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+++ I cannot help subjoining to the above fonnet another difficb of Elizabeth's preserved by Puttenham (p. 197.) which isays he) our Goveraigne lady wrote in defiance of "fortune.'

Never thinke you, Fortune can beare the fway,
Where Vertue's force can cause her to obay.

The slightest effufion of szich a mind deserves attention.

xv.

KING OF SCOTS AND ANDREW BROWNE.

This ballad is a proof of the little intercourse that subfifted bet een the Scots and English, before the accrfion of James I. to the crown of Englund. The tale which is here so circumftantially related does not appear to have had the least foundation in history, but was probably built upın some confused hearsay report of the tumults in Scotland during the mirrority of that prince, and of the conspiracies formed by different frica tions to get poDesfion of his person. It should seem from ver. 97 to have been written during the regency or at least bea fore the death, of the earl of Norton. quho was condemned and executed June 2, 1581; when ames was in his sth year.

The original copy (preserved in the archives of ile Ansi. quarian Society, Lonilon) is intitled, A new Ballad, dlvr. * ing the great treafor con/pired azainst the young ing of 66 Scots, and how one Andrew Browne an English-min,

which was the king's chamberlaine, prevented the 1. m'. "" To the tune of Miljieled, or els to Green-sleeves.' fit the end is subjoined the name of the author W. ELDERLYN.

Imprinted at London for Yarathe James, dwelling in New

gate Market, over against Ch. Church,in black-letter, folio.

This ELDERTON, who had been originally an attorney in the sheriffs courts of London, and aft. rwards (if we may believe Oldys) a comedian. was a facetious fuddling companion, whole rippling and rhymes rendered bim famous among his contemporari's He was author of many popular songs and ballails : and probably other pieces in these volumes, befies the following are of his composing. He is believed to have fallen a victim to his bortle before the year 1992. His epitaph has been recorded by Camden, and translated by Ollys. Hic fitus eft fitiens, atque ebrius Eldertonus,

Quid dico hic fitus eft? hic potius fitis est.

Dead drunk here Elderton doth lie ;
Dead as he is he fill is dry :
So of him it may well be said,
Here he, but not his thirst, is laid.

See Stow's Lond. [Guild-hall.]-Biogr. Brit. [DRAYTON, hy Oldys, Note B.) Ath. O.x.-Camden's Remains. The Exale-tation of Ale, among Beaumont's Poems, 8vo. 1653.

Ou

UT alas a griefe

That princes subjects cannot be true,
But still the devill hath some of his,

Will play their parts whatsoever ensue;
Forgetting what a grievous thing
It is to offend the anointed king?

Alas for woe, why should it be so,
This makes a forrowful heigh ho.

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10

In Scotland is a bonnie kinge,

As proper a younh as neede to be, Well given to every happy thing,

That can be in a kinge to see : Yet that unluckie country still, Hath people given to craftie will.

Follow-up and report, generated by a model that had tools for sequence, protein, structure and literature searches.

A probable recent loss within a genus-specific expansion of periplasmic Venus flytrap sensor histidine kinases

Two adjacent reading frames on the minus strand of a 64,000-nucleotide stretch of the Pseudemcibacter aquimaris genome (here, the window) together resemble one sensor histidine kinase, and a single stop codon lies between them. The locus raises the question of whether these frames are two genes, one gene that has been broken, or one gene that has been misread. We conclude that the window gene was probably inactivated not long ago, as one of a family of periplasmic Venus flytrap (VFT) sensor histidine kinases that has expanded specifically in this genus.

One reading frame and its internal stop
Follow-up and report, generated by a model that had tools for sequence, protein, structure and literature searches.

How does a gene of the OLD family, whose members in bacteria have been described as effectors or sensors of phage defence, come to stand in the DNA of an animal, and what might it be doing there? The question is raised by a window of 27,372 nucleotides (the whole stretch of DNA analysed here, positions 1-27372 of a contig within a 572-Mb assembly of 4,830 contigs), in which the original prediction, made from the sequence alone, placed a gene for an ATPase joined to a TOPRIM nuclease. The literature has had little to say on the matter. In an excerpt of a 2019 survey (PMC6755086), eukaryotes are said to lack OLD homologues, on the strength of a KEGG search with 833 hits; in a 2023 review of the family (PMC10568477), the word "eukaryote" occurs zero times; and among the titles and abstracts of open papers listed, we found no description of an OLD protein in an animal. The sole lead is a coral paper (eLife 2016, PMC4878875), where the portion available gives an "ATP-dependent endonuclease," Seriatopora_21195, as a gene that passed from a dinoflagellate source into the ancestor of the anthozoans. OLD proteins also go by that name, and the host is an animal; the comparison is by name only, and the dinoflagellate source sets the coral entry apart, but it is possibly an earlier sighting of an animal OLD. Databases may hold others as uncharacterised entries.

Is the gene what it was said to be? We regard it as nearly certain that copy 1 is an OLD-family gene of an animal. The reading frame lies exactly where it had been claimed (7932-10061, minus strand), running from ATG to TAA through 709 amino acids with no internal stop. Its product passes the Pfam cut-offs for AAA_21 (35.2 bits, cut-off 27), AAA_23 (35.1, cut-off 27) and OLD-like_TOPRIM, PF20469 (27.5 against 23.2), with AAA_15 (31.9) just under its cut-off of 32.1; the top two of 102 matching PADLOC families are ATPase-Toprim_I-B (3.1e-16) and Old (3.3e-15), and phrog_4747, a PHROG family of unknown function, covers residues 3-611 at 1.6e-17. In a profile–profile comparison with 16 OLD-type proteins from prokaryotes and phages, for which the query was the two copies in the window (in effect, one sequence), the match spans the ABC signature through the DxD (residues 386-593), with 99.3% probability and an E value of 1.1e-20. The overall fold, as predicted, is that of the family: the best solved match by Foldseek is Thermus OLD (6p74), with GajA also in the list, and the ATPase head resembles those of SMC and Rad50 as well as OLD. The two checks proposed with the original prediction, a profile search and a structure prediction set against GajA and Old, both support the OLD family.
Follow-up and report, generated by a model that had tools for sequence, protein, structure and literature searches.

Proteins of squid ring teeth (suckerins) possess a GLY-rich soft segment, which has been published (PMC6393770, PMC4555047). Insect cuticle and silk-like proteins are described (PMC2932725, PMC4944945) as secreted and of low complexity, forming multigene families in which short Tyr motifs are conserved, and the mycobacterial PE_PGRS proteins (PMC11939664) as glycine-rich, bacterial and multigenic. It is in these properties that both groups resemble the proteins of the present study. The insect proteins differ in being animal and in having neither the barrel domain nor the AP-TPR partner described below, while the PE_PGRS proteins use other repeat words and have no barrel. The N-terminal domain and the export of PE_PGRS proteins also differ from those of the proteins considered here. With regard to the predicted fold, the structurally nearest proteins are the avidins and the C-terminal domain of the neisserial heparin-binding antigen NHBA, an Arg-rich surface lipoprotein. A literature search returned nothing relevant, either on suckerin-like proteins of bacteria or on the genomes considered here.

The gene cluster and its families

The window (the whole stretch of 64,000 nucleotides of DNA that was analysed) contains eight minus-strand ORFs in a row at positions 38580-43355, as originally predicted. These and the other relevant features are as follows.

Alas for woe, &c.

15

On Whitsun eve it so befell,

A poflet was made to give the king, Whereof his ladie nurse hard tell,

And that it was a poysoned thing: She cryed, and called piteouflie; Now help, or els the king shall die !

Alas for woe, &c.

25

One Browne, that was an English man,

And hard the ladies piteous crye,
Out with his sword, and bestir'd him than,

Out of the doores in haite to flie;
But all the doores were made so fast,
Out of a window he got at last.

Alas for woe, &c.

30

He met the bishop coming fast,

Having the posset in his hande:
The light of Browne made him aghaft,

Who bad him stoutly staie and stand.
VOL.II.

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With

With him were two that ranne awa,
For feare that Browne would make a fray.

Alas for woe, &c.

35

40

Bishop, quoth Browne, what halt thou there?

Nothing at all, my friend, fayde he;
But a posset to make the king good cheere.

Is it so? sayd Browne, that will I fee,
First I will have thyself begin,
Before thou go any further in;

Be it weale or woe, it shall be so,
This makes a forrowful heigh ho.

45

The bishop fayde, Browne I doo know,

Thou art a young man pocre and bare; Livings on thee I will bestowe:

Let me go on, take thou no care.
No, no, quoth Browne, I will not be
A traitour for all Christiantie :

Happe well or woe, it shall be so,
Drink now with a sorrowfull, &c.

50

55

The bishop dranke, and by and by

His belly burst and he fell downe: A just rewarde for his traitery.

This was a poífet indeed, quoth Brown ! Ile ferched ihe bishop, and found the keyes, To come to the kinge when he did please.

Alas for woe, &c.

As

60

As soon as the king got word of this,

He humbly fell uppon his knee,
And prayfed God that he did misse

To tast of that extremity:
For that he did perceive and know,
His clergie would betray him so:

Alas for woe, &c.

65

Alas, he said, unhappie realme,

My father, and grandfather flaine :
My mother banished, O extreame!

Unhappy fate, and bitter bayne !
And now like treason wrought for me,
What more unhappie realme can be !

Alas for woe, &c.

70

75

The king did call his nurse to his grace,

And gave her twenty poundes a yeere;
And trustie Browne too in like case,

He knighted him with gallant geere ;
And gave him lands and livings great,
For dooing such a manly feat,

As he did showe, to the bishop's woe,
Which made, &c.

80

V.67. His father was Henry Lord Darnley. His grandfather the old Earl of Lenox, regent of Scotland, and father of Lor.l Durnley, was murdered at Stirling, Sept. 5, 1571.

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